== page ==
“I am college educated. I was in school for 5 years. I was one semester away from my FIRST bachelor’s degree when my father got sick the first time. His first coma and stroke of THREE after the meningitis. I thought I was going to lose him, so I took time off and joined the working world. While working full time, and helping my mother take care of my father, I continued taking a partial course load. I chose to take “low end” jobs as a nanny or daycare worker, because of the children. I was looking death in the face every day, and I wanted to see life. I wanted to see joy. Growth. Living. How better to do that than to help raise children? I also, in the midst of this, had a major health crisis and was told, at age 20, I may not ever have children. So I surrounded myself with the children of others and lived the joy.

Like you, many who meet me think I am uneducated and therefore, un-equal. Truth be told, I do it for one reason. Wonder. The absolute amazing wonder of children. The way a child can see a rock and be so excited because it “Is WHITE! And BUMPY! And the coolest rock EVER!” Or how they can see the sky and ask “Why is it blue?” How they learn something hurts by touching it instead of listening to your warnings, how they examine their toys to see how they work, or how they do things like use their toy tool set to disassemble their toddler bed at 2 in the morning. (Yep. Hurricane did that. Twice. At age 2.) And one thing I have learned from the kids is to NEVER judge someone. Meet someone new, be a little apprehensive, but be yourself and let your life shine. If they do not take you for who you are, make your own path, play in your own sandbox. Eventually someone else will want to play along side you. But never judge. You don’t know me until you ask.”

And slowly, after I walked out, head high, toddlers in tow, I started getting e-mails. From the other moms in the group who felt the first woman was way out of line. And they all started the same way. It was funny really. They all complained of one thing. They all missed my play dough. You read that right. My play dough. I am a huge hater of the stuff you buy. I read about the chemical make up of it and when I saw it is made with the same grade petroleum as in MOTOR OIL I had a problem. Kids eat this stuff. So I tried every single recipe in every single book I owned on children. And I hated them all. Then I thought back to the first family I worked for. We used to make it for the kids, all 11 of them, and it was amazing. So I spent hours in the kitchen trying to recreate it, and finally found it.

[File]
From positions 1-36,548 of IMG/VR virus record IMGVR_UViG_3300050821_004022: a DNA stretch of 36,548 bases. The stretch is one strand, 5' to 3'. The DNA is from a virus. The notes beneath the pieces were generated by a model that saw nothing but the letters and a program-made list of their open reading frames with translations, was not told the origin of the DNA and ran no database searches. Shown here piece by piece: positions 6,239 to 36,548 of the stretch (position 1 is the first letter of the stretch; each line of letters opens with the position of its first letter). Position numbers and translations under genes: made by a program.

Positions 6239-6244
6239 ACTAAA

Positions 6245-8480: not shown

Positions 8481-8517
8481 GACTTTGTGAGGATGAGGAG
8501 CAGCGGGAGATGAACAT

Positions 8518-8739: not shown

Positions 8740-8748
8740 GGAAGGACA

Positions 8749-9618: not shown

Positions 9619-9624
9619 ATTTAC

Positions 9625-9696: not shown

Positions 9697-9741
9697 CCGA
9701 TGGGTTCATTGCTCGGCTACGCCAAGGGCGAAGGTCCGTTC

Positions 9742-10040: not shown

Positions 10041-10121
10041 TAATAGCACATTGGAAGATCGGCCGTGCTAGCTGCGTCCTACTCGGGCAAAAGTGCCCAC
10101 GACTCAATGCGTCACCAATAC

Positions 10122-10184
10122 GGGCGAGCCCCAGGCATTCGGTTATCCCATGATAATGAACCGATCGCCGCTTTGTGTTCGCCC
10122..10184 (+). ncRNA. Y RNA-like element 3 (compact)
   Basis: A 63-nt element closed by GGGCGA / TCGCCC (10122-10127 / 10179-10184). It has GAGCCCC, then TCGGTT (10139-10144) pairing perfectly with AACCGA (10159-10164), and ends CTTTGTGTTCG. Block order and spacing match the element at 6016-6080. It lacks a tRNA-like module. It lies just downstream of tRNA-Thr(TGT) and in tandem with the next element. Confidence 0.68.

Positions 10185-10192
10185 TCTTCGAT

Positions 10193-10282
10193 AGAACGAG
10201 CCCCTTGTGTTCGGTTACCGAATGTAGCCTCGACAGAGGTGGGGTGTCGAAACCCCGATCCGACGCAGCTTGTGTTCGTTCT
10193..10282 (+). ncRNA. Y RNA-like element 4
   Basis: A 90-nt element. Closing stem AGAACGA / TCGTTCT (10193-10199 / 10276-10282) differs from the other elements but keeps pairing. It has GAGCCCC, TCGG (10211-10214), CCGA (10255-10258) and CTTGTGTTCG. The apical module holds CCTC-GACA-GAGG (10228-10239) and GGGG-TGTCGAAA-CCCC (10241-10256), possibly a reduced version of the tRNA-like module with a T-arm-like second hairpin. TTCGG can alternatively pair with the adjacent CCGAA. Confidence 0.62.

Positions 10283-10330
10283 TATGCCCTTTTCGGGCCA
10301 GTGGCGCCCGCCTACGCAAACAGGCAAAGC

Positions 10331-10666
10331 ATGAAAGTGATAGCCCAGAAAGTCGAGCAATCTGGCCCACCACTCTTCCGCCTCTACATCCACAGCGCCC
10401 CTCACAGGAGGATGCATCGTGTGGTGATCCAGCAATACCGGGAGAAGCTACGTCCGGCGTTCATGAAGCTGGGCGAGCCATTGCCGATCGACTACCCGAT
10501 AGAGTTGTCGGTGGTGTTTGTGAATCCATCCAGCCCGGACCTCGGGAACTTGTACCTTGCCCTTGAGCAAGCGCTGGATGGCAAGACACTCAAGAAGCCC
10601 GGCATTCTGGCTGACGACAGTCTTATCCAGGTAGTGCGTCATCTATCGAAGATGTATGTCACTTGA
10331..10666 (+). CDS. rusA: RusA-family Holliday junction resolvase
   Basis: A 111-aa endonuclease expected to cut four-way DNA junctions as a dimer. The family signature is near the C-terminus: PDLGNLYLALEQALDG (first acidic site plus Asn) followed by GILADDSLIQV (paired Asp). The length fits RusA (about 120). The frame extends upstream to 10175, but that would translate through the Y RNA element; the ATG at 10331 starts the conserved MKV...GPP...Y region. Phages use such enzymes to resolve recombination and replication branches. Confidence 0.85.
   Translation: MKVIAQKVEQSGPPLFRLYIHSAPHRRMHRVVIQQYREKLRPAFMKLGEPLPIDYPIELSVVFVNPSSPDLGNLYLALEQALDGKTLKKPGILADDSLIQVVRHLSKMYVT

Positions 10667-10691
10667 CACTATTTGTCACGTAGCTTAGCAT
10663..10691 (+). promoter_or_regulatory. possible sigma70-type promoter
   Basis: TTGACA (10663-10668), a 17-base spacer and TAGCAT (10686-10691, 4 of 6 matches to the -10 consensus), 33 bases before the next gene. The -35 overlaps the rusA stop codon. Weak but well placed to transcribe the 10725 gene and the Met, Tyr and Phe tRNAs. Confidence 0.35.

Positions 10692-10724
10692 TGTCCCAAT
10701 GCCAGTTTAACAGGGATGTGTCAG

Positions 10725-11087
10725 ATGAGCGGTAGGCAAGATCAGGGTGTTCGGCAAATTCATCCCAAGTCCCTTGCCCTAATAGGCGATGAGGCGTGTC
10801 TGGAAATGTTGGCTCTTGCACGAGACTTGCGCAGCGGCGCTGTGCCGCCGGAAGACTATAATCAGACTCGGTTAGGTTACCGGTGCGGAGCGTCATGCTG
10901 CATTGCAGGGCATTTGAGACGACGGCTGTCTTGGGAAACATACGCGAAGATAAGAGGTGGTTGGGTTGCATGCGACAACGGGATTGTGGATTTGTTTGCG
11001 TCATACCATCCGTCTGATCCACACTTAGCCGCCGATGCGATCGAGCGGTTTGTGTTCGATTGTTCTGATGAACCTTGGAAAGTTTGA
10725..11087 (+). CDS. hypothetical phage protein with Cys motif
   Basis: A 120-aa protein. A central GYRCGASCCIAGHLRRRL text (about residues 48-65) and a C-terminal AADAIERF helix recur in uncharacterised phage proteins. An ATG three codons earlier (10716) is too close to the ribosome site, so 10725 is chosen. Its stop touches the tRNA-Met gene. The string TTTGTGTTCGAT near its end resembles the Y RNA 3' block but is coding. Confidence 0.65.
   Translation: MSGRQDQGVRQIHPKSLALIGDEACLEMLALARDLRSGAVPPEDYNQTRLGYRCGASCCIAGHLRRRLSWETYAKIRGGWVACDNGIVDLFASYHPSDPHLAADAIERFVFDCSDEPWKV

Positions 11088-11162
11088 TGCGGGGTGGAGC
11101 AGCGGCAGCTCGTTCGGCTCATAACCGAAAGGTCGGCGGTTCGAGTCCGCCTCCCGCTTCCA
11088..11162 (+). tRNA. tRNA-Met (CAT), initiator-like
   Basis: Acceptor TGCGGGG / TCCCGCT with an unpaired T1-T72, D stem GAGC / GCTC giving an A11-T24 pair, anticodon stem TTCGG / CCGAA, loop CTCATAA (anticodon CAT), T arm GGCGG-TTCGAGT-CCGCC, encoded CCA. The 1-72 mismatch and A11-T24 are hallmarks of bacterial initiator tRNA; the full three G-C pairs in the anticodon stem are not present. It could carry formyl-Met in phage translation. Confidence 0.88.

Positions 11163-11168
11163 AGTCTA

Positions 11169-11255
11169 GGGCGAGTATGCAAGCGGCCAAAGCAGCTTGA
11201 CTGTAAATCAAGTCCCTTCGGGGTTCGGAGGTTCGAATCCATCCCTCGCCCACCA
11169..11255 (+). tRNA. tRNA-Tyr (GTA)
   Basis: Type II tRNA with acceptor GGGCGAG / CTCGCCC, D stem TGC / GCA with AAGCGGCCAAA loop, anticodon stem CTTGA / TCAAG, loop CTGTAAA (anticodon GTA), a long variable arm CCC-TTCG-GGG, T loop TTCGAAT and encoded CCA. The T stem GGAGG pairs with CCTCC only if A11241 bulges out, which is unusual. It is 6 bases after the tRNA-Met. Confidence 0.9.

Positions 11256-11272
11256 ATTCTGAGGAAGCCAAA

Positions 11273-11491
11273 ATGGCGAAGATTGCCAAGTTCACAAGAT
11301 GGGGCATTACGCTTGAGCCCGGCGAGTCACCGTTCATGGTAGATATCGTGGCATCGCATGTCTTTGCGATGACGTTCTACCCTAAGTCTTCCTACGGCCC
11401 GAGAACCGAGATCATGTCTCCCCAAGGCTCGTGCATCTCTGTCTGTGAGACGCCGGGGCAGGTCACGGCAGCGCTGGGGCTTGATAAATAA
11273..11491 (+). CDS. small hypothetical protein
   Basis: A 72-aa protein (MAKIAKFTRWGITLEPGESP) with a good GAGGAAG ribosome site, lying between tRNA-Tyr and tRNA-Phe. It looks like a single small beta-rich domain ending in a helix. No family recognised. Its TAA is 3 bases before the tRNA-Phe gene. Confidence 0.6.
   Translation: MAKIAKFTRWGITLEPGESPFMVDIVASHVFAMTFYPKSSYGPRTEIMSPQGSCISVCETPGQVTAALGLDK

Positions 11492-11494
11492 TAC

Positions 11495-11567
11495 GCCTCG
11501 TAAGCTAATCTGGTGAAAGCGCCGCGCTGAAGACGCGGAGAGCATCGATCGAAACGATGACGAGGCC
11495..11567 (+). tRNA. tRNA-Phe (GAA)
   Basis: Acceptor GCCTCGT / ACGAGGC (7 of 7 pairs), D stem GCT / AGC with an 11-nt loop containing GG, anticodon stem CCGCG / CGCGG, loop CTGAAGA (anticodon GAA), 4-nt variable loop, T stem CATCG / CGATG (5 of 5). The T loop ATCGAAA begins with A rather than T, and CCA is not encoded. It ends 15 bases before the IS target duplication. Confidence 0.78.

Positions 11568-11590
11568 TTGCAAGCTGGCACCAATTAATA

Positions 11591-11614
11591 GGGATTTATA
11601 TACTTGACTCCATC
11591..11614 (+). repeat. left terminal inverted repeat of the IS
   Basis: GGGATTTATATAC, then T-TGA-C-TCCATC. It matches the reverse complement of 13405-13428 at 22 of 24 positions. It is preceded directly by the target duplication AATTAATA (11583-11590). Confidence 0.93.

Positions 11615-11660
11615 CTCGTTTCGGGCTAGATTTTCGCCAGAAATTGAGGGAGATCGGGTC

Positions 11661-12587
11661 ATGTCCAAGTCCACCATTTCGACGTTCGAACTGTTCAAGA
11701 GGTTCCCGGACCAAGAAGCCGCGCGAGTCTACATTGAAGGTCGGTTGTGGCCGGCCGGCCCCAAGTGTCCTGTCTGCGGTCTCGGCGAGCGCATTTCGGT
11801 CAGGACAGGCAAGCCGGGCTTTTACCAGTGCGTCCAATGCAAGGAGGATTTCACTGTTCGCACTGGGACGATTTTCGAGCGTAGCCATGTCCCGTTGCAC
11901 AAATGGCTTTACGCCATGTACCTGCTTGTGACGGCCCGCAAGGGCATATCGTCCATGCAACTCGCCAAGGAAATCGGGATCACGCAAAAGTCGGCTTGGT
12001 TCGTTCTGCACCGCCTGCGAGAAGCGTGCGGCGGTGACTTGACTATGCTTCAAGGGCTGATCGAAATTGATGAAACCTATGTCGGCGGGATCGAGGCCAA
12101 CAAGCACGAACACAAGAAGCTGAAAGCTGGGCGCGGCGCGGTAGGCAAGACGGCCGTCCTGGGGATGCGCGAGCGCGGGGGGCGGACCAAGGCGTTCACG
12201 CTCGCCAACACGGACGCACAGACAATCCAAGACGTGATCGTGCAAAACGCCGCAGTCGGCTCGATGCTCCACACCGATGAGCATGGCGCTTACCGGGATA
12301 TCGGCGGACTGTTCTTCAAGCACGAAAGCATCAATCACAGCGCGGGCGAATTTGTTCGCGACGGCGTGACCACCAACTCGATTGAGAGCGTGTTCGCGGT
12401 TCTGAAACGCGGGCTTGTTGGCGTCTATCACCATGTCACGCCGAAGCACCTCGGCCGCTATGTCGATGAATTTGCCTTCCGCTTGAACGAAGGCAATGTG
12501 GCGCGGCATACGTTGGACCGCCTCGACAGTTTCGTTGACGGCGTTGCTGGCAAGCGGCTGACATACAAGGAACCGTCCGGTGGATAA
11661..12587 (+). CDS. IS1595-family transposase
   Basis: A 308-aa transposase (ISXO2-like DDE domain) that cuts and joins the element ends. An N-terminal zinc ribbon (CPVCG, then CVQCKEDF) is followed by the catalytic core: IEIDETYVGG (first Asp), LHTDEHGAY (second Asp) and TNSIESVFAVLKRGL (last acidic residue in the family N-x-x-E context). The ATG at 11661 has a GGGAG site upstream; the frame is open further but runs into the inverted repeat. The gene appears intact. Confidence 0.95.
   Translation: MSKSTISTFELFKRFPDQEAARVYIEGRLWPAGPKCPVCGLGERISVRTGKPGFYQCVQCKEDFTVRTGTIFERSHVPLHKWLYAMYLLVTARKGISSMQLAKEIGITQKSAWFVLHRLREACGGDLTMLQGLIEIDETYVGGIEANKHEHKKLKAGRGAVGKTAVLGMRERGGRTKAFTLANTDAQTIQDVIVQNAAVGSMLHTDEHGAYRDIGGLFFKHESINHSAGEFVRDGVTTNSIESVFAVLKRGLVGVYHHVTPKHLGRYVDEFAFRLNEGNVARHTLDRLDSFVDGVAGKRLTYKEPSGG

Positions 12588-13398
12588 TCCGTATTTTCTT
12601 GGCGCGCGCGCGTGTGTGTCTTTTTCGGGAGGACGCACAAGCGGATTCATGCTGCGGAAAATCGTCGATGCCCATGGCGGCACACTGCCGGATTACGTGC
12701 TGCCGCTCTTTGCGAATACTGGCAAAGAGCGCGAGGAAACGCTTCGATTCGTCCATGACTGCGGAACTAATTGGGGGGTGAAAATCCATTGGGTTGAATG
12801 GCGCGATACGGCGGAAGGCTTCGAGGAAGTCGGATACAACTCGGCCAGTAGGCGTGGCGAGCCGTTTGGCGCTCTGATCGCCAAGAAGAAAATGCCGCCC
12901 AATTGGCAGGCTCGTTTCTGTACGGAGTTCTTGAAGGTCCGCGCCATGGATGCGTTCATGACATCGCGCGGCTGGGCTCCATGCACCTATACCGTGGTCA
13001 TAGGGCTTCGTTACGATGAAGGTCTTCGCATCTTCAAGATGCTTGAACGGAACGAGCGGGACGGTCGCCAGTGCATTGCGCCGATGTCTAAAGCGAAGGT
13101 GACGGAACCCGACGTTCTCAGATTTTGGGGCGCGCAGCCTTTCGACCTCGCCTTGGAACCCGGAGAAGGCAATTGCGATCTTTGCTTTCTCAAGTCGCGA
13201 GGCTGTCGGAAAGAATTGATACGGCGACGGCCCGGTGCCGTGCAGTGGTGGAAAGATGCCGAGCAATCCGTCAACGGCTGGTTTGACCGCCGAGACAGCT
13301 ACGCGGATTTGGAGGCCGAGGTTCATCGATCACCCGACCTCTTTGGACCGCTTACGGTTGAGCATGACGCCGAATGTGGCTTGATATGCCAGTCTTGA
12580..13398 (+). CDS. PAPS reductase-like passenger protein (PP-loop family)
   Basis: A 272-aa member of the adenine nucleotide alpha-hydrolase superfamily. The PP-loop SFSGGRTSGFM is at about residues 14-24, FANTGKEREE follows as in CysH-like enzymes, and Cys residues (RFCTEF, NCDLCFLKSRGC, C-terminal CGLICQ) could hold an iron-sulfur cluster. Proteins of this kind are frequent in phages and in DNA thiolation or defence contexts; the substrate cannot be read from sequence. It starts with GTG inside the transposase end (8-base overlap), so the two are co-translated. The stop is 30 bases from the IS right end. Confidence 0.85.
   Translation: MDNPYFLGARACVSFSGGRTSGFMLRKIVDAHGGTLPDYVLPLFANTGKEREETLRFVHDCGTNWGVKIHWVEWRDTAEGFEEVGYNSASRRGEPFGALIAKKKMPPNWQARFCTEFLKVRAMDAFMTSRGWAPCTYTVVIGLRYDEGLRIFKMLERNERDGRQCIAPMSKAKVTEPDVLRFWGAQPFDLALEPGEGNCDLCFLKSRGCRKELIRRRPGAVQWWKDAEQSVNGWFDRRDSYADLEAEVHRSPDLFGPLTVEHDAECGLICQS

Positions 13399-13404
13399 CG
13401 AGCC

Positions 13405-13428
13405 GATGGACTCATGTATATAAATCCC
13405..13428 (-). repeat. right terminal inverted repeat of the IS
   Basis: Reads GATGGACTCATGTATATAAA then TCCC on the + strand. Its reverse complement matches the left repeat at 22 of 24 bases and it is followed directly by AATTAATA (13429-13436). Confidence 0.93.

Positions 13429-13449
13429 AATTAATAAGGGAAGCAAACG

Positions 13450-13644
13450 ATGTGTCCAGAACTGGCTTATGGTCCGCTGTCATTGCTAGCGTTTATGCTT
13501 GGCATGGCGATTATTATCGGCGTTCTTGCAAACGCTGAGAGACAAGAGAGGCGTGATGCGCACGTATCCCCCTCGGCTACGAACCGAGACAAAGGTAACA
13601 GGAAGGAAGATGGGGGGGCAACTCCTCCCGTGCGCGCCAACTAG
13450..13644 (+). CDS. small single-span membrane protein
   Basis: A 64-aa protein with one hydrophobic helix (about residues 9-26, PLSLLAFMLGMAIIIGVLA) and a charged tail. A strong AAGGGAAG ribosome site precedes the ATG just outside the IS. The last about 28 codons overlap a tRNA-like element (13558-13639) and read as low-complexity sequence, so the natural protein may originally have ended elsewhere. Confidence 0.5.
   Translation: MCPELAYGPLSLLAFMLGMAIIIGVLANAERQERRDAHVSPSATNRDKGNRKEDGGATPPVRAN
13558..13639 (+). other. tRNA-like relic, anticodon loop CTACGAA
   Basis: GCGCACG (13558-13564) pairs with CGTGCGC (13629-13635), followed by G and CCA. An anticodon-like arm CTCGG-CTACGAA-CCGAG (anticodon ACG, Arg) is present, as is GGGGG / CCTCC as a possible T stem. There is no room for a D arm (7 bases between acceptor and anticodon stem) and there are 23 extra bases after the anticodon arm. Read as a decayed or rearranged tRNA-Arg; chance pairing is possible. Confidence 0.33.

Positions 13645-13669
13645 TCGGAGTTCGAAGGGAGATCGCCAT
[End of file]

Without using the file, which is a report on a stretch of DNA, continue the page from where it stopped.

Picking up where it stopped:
Years after the fact, I still get the occasional call or email for my dough recipe. Or for the directions on how we made homemade fossils. Or how we learned about how big dinosaurs really are with balloons and chalk. Last week I got an email from one of my earliest nanny charges. She has her own kids now. And she wants my play dough recipe. For my Meebear, and her new wee bear. Thanks for reading. The recipe is below.

❤ Mom T

Worlds Best Cooked Play Dough Recipe:

2 cups flour

2 cups water

1 cup salt

4 Tablespoons cream of Tartar OR Alum

2 Tablespoons vegetable oil

Directions: Bring water and salt to a slow boil. Slowly stir in flour, and alum until fully combined. Add oil and remove from heat, continuing to stir until it reaches mashed potato consistency. Remove from pan and place on a lightly floured countertop surface. Let cool for about fifteen minutes, then begin to knead. Continue kneading, sprinkling with more flour as needed to reduce stickiness. The trick is to knead knead knead! The more you work it the smoother it becomes. If it still seems a bit dry, sprinkle oil on 1 teaspoon at a time while working it in. Store in an airtight container. Some people feel it keeps longer in the fridge. Optional- add food coloring or kool aid to the mix while blending for color, but it may stain hands! 🙂

Next up- homemade fossils!